Huston Smith: Rock star of religions turns 90
Heidi Benson, Special to The Chronicle
Thursday, May 21, 2009
A floor lamp with more arms than Shiva brightly illuminates a desk
where the phone rings, a computer hums and messages fly from the fax
machine. This is the command center of religious scholar Huston
Smith, in the Berkeley assisted-living center he now calls home.
Outside, faded Tibetan prayer flags are strung along a balcony where
potted bamboo sways in the sunshine. Inside, the Quran shares the
bookshelf with the works of Plato, and Smith holds forth from a black
leather recliner. He is abuzz, quick with jokes.
"I no longer stand on my head every morning," he says of his longtime
yoga practice. "But if my osteoporosis gets any worse, I just might."
It is a busy time. This month, he celebrates his 90th birthday, as
well as the 50th anniversary of his best-selling book, "The World's
Religions," which inspired a popular PBS series. In addition, his
autobiography, "Tales of Wonder: Adventures Chasing the Divine," has
just been published by HarperOne. At just 200 pages, it is a dizzying
tour of a singular life.
Smith was there when the 1945 U.N. charter was signed in San
Francisco. He met Mother Teresa, interviewed Eleanor Roosevelt and
invited the Rev. Martin Luther King Jr. to speak at Washington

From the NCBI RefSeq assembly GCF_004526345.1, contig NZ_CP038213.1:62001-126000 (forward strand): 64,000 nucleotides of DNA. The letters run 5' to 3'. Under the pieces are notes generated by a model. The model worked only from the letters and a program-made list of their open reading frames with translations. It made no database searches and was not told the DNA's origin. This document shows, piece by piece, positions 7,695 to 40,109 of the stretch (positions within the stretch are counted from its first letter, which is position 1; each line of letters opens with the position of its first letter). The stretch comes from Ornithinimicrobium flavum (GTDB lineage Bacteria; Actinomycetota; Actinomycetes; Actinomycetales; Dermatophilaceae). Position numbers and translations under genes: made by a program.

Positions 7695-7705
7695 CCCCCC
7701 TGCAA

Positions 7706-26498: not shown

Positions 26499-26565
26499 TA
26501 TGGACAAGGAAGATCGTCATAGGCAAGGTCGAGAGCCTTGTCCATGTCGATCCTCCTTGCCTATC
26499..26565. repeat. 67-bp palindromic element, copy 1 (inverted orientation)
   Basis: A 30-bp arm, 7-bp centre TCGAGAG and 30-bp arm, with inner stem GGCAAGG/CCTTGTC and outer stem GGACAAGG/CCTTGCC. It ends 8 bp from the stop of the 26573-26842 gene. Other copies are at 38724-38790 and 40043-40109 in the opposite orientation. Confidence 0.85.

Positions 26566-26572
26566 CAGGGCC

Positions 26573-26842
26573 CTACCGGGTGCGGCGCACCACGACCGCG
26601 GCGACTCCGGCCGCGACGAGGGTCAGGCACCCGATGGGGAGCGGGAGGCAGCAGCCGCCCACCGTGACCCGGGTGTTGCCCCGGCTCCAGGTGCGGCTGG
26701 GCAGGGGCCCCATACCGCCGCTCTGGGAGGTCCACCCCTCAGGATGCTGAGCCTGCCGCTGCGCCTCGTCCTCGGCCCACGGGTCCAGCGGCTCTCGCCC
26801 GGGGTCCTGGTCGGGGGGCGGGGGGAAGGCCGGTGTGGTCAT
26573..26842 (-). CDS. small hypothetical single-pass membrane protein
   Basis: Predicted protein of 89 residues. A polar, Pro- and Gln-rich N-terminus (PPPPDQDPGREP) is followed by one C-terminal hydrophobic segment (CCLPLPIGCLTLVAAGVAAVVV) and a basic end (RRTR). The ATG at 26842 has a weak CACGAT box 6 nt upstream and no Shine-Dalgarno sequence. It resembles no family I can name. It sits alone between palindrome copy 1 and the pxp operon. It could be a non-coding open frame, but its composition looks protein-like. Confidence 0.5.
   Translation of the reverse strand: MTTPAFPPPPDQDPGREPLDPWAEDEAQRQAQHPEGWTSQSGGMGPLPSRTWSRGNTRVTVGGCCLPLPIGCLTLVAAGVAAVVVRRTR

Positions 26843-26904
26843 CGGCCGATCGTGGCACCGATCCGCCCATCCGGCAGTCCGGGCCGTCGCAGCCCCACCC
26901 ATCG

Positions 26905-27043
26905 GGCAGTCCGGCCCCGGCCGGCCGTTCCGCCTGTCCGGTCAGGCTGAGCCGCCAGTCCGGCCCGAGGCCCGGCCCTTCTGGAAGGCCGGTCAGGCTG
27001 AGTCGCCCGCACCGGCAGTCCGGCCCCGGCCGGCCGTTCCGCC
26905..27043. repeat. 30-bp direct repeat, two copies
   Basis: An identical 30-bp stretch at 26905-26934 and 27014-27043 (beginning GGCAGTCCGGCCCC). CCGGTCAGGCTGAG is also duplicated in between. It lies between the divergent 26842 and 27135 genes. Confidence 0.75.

University in 1956. Seeking enlightenment, he took mescaline with
Timothy Leary and peyote with an Indian shaman. He counts Saul
Bellow, Aldous Huxley, Pete Seeger and the Dalai Lama among his
legion of friends.
Asked about his uncanny timing, he declares: "Don't overlook
Tiananmen Square!" Late on the night before the 1989 uprising, he
arrived unsuspectingly in Beijing for a conference on Chinese
philosophy. "In the morning, we got word from BBC Radio, all the way
from London, that Beijing was in chaos," he recalled.
He and his colleagues went down to the street, where "everyone was on
the side of the students." And where everyone was headed to Tiananmen
Square. They climbed in a car with a sign taped to the window:
"Foreign Visitors Support Student Strike."
"We couldn't get closer than three blocks. It was like a funnel. But
when the students saw the sign, they waved us through," he recalled.
"One of our party was hoisted onto the top of the car. In Chinese he
said, 'Democracy is not only for America. Democracy is not only for
China. Democracy is for the entire world.' There was a tumult of cheers."
Looking back as a witness to history, he rebuffs the notion of divine
intervention, but allows: "It almost seemed like it was masterminded
for me to be in the right place at the right time."
Smith was born in 1919 in China, where his parents were Christian missionaries.
"In my town, I had only one adult American male role model: my
father," he explained. "I grew up taking it for granted that
missionaries were what American boys grew up to be."
He came to the States for college, expecting to earn his degree and
return to China. "But I hadn't calculated on the dynamism of the
West," he said.
Propelled by intellectual curiosity, he earned a doctorate at the
University of Chicago, where he met Kendra, the woman who would be
his wife for 65 years. Soon after, he took his first teaching post in
St. Louis, and his parents were expelled from China after the 1949
Communist takeover. Now, there was no going back.